THERE'S not many people who would look at running almost 50 miles as something of a holiday but Robbie Simpson is not like most people

The 27-year-old from Banchory is best known for winning marathon bronze at the Commonwealth Games in Gold Coast last year so while he is right up there with the best in the world at road running, he is perhaps most comfortable in the mountains, where he learned his trade.

He has spent many a summer criss-crossing Europe picking up wins in some of the continent's most prestigious mountain races but there is one challenge that has always enticed the Scot yet has so far proved elusive; an ultra marathon.

Finding a suitable time to embark on an ultra marathon was always something Simpson has found difficult but finally, he decided, this is the year he is going to take the plunge.

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This weekend, Simpson will tackle his first-ever ultra marathon – the renowned Grand Trail de Templiers in the south of France. It is just under 50 miles of racing which includes 3000m of ascent through towns, forests and up and down hills and while Simpson is no stranger to such testing terrain, he admits he does not know quite what to expect when he takes to the start line at 5:45am on Sunday.

“I’d been thinking for quite a while of doing something like this but I really don’t know what to expect,” he said of his first ultra race.

“I’m not too nervous – there’s nothing to lose for me. I’ve got no great expectations – it’d be nice to run well but it’s mainly just about having a new experience. I’m treating it like a holiday with a long run in the middle. It’s an adventure.”

Simpson is no stranger to overcoming the toughest of conditions and while an ultra marathon is one of the most extreme physical examinations an athlete can undertake, it is the mental side of things Simpson anticipates will be the rest test.

The Commonwealth Games medallist battled the most brutal of conditions in Gold Coast last year to grab his spot on the podium – temperatures approaching 30 degrees famously put paid to Callum Hawkins' medal prospects – and it is experiences such as this which Simpson hopes he can draw upon during the seven hours of racing in southern France this weekend.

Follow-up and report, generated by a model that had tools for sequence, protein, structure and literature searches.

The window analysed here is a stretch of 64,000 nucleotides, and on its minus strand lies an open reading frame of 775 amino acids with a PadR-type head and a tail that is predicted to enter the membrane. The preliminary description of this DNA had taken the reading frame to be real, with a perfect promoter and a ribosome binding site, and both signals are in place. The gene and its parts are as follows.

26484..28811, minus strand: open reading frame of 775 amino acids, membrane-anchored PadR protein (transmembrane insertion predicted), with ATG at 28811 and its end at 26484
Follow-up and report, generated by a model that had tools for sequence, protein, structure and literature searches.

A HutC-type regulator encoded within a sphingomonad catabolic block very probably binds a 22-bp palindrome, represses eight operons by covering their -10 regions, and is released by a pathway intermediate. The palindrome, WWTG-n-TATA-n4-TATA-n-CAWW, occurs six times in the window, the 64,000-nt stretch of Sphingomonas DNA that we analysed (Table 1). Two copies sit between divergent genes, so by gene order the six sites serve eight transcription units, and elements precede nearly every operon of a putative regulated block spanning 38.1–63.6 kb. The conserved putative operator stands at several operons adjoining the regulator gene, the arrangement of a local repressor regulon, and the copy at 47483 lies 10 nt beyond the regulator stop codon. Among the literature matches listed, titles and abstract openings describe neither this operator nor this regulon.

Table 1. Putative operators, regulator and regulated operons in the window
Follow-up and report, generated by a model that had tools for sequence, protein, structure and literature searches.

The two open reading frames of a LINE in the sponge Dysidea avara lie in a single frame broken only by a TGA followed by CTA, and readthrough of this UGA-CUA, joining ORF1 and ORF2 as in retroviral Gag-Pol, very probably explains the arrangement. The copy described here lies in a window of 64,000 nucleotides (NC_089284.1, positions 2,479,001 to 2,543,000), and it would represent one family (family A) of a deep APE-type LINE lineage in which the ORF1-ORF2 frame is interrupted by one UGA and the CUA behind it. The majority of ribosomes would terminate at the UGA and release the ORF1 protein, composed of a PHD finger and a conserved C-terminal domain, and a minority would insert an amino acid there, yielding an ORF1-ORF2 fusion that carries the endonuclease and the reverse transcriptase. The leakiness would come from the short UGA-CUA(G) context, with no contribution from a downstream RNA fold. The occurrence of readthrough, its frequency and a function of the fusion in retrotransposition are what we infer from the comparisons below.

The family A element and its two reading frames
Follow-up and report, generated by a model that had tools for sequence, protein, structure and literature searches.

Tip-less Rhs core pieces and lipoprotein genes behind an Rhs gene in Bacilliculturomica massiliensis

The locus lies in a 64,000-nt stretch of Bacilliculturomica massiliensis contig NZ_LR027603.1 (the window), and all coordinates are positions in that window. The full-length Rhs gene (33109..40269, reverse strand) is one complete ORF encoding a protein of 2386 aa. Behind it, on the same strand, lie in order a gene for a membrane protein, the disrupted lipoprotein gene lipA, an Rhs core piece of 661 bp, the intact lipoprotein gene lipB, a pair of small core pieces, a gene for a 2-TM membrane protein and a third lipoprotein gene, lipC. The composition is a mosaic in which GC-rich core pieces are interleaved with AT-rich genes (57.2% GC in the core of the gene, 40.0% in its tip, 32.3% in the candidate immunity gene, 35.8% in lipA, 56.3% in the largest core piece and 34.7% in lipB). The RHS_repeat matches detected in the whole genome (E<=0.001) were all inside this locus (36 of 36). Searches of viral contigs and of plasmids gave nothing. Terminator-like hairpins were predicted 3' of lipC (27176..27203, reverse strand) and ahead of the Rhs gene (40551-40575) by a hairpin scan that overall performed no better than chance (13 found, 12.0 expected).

“I really do think it’s a mental thing,” he said.

“It’ll obviously be tiring physically but I don’t think that’s necessarily what will stop you, I think it’s in your head. On my long training run, the worst point for me was at the halfway point but actually, the last part when I got close to home wasn’t too bad at all. So I think it is in your mind.

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"Even in a marathon, you always have good and bad parts so it’s just about coming out of those bad patches.

"The pacing is going to be really important – it’s about knowing how hard you can run when you’ll be going for so long.

"One of the main reasons I wanted to do this race was to see if I can do it – to see if I’m strong enough mentally. It might be great or it might not suit me but you don’t know until you’ve tried.”

Simpson has been in excellent form of late. His most recent competitive outing was at the Jungfrau Marathon last month, a mountain race in Switzerland, where he defended his title but he admits that despite his excellent form, he remains unsure how he will perform when running further than he has ever run before.

“The furthest I’ve ever run was years and years ago, when I was about 18 or 20, I ran about 28 or 29 miles,” he said.

“But recently, I’ve not gone that far. So since Jungfrau, I’ve tried to do slightly longer runs – I’ve done a few runs of between 25 and 27 miles and they were hilly so I was out for about four hours.

"That’s longer than I normally do but it still might not be enough – we’ll just have to wait and see. You can’t do too much though because then you risk getting injured.

"One of my training runs for this though was just over marathon distance because I wanted to break that marathon barrier.

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"I still can’t really get my head around it to be honest – it’s almost two marathons - but people say it’s not as bad on race day.”

Simpson admits that his remains somewhat unsure as to the path the remainder of his career will take, but the Templiers race is likely to have a significant bearing on the direction his racing goes. However he performs next weekend though, he is certainly not finished with road racing just yet.

“Longer term, my plan is to do more in the mountains but in the spring, I am going to do a marathon," he said.

"This race will give me a good idea if I’ll be good at ultra racing and if that’s something I might target in the long-term. It does appeal to me – to 50 mile kind of distance – but in the short term, I’ll be going back to marathons.

"I’ll do a spring marathon and so as for the Olympics, it’s hard to say what’s a realistic goal – I’ll just have to see how my training goes.

"I want to do some of the famous marathons while I’m still running well so that’s an exciting prospect for me.”